Public investments are essential building blocks of long-term economic growth and shared prosperity. Decades ago, North Carolina diverged from its Southern neighbors by investing in good roads, quality public schools and universities and early childhood programs.
Since the official recovery began in 2009 — when rebuilding from the Great Recession would have been possible — state lawmakers have turned away from that tradition, choosing to sharply limit public spending in favor of tax cuts . Overall, state support for services in the 2016 fiscal year will be nearly a full percentage point below historic investment levels as a share of the economy.
In fact, state spending as a share of the economy — measured by state personal income — has fallen every year since 2009 . The new budget continues this trend, and caps off the only period in more than four decades in which state spending declined as a part of the economy for more than five straight years.
The tax code has been radically transformed since 2010 in a way that makes adequate funding 0f core public services more difficult.
The most recent chapter in state fiscal history began in 2009  with the worst revenue shortfalls since the Great Depression. State policymakers responded with targeted spending cuts, deferred capital projects and measures to bolster state revenues. A temporary tax package  passed in 2009 combined a sales tax increase with a surcharge on high-income taxpayers and profitable corporations to raise $1.3 billion. It expired in 2011.
The official recovery began in July 2009, but job losses in the state continued for 14 more months. Despite still-sluggish job creation and revenue projections, policymakers, having allowed the temporary tax package to expire, made $1.7 billion in additional budget cuts in 2011 . At the same time, the legislature passed a tax exemption  for business “pass-through” income at a cost of more than $300 million per year.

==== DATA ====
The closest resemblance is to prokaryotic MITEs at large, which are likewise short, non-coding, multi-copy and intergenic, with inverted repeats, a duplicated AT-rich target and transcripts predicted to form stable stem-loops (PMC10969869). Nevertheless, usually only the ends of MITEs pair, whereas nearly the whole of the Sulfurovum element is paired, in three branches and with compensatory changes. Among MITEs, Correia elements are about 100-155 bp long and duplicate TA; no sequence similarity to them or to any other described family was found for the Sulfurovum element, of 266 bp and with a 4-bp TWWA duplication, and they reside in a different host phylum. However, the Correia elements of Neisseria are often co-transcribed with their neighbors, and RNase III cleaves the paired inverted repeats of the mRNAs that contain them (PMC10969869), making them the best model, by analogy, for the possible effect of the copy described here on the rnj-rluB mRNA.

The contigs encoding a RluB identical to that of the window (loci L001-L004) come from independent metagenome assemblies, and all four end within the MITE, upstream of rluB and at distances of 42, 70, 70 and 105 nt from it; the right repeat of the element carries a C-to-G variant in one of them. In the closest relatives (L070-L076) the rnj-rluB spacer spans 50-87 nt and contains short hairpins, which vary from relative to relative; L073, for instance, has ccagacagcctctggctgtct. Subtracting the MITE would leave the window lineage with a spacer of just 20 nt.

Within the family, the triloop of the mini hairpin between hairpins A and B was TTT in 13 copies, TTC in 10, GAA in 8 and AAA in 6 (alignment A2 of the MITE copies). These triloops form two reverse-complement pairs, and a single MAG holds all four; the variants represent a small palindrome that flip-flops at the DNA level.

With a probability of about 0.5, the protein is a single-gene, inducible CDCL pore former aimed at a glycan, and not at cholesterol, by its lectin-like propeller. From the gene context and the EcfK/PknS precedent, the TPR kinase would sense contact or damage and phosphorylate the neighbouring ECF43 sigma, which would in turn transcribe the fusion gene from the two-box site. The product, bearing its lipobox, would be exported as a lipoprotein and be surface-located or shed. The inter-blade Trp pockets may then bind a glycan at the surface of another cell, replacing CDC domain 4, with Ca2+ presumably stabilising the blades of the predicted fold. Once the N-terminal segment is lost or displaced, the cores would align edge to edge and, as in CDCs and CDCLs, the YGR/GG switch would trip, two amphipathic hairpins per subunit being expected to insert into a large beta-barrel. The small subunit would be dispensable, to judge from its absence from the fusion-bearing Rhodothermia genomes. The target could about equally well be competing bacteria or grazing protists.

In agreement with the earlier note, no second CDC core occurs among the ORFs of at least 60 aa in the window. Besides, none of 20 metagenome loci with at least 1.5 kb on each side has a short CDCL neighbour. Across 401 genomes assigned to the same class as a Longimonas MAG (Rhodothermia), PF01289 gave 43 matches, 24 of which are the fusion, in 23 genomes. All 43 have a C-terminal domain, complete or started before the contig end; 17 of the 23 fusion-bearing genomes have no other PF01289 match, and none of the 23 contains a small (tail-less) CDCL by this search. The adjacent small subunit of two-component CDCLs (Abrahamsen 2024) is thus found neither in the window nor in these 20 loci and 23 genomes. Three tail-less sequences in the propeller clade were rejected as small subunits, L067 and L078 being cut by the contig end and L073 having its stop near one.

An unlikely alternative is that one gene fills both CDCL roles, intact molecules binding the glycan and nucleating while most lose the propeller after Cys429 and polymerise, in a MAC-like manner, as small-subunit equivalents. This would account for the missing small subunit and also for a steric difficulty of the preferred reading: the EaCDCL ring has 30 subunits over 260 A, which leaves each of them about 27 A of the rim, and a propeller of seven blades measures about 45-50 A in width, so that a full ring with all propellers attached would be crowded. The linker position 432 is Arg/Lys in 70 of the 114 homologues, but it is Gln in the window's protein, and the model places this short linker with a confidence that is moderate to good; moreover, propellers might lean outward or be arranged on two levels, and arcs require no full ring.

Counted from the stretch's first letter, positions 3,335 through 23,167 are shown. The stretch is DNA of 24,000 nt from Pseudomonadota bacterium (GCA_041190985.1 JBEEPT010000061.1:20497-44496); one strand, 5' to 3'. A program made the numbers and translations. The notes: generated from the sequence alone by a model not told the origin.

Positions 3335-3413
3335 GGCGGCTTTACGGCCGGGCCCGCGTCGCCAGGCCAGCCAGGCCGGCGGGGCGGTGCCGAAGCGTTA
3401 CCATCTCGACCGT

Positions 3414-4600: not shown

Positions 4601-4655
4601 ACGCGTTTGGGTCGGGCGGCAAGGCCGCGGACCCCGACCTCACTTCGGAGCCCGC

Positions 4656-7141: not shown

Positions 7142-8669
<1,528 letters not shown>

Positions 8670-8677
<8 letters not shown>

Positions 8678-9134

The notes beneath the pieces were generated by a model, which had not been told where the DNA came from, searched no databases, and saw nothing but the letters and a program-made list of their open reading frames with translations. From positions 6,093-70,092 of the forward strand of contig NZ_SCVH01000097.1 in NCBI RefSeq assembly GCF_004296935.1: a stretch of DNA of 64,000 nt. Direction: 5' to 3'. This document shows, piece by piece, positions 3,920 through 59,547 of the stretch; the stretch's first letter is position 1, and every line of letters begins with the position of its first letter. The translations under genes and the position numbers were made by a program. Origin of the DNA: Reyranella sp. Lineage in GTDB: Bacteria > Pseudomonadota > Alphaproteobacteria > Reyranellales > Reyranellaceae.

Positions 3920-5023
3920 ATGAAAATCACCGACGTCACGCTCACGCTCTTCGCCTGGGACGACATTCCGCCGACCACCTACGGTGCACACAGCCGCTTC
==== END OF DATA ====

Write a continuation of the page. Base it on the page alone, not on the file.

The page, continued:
In 2012, the legislature increased taxes on many working families by reducing the value of the state Earned Income Tax Credit (EITC) . At the same time, lawmakers constrained the ability of the Department of Revenue to prevent multi-state corporations from shifting profits to other states to avoid paying taxes on profits earned in North Carolina.
In 2013, as the state’s economic recovery was finally taking hold, lawmakers enacted a major overhaul of the tax code that further reduced revenues . They scrapped North Carolina’s progressive income tax and replaced it with a flat rate, phased in tax cuts for profitable corporations, extended the sales tax to several services and eliminated many credits and deductions — including the state EITC  — reducing available revenue by roughly $1 billion per year. In a separate bill they also eliminated the estate tax  that would have been levied on the value of estates worth more than $5 million. The combined effect was to shift the tax load further onto working- and middle-class taxpayers while giving millionaires a significant tax cut. Reductions on the public investments side included: fewer slots in pre-K programs; elimination of funding for small business lending in underserved communities; decreases in Medicaid provider rates; and reduced staffing for monitoring and testing the state’s environmental quality.
Policymakers made fewer changes to state-level taxes in the 2014 legislative session, but they enacted restrictions on the ability of local governments to compensate for the loss of state funding support caused by previous tax cuts . Most significant was a new law barring local governments from collecting privilege license taxes from businesses.
In 2015, policymakers once again cut taxes on profitable multistate corporations, reduced the personal income tax rate and expanded the sales tax to more services . On top of increasing the share of total state taxes paid by low- and middle-income families, this package of changes will reduce available revenue by more than $1 billion annually within four years.
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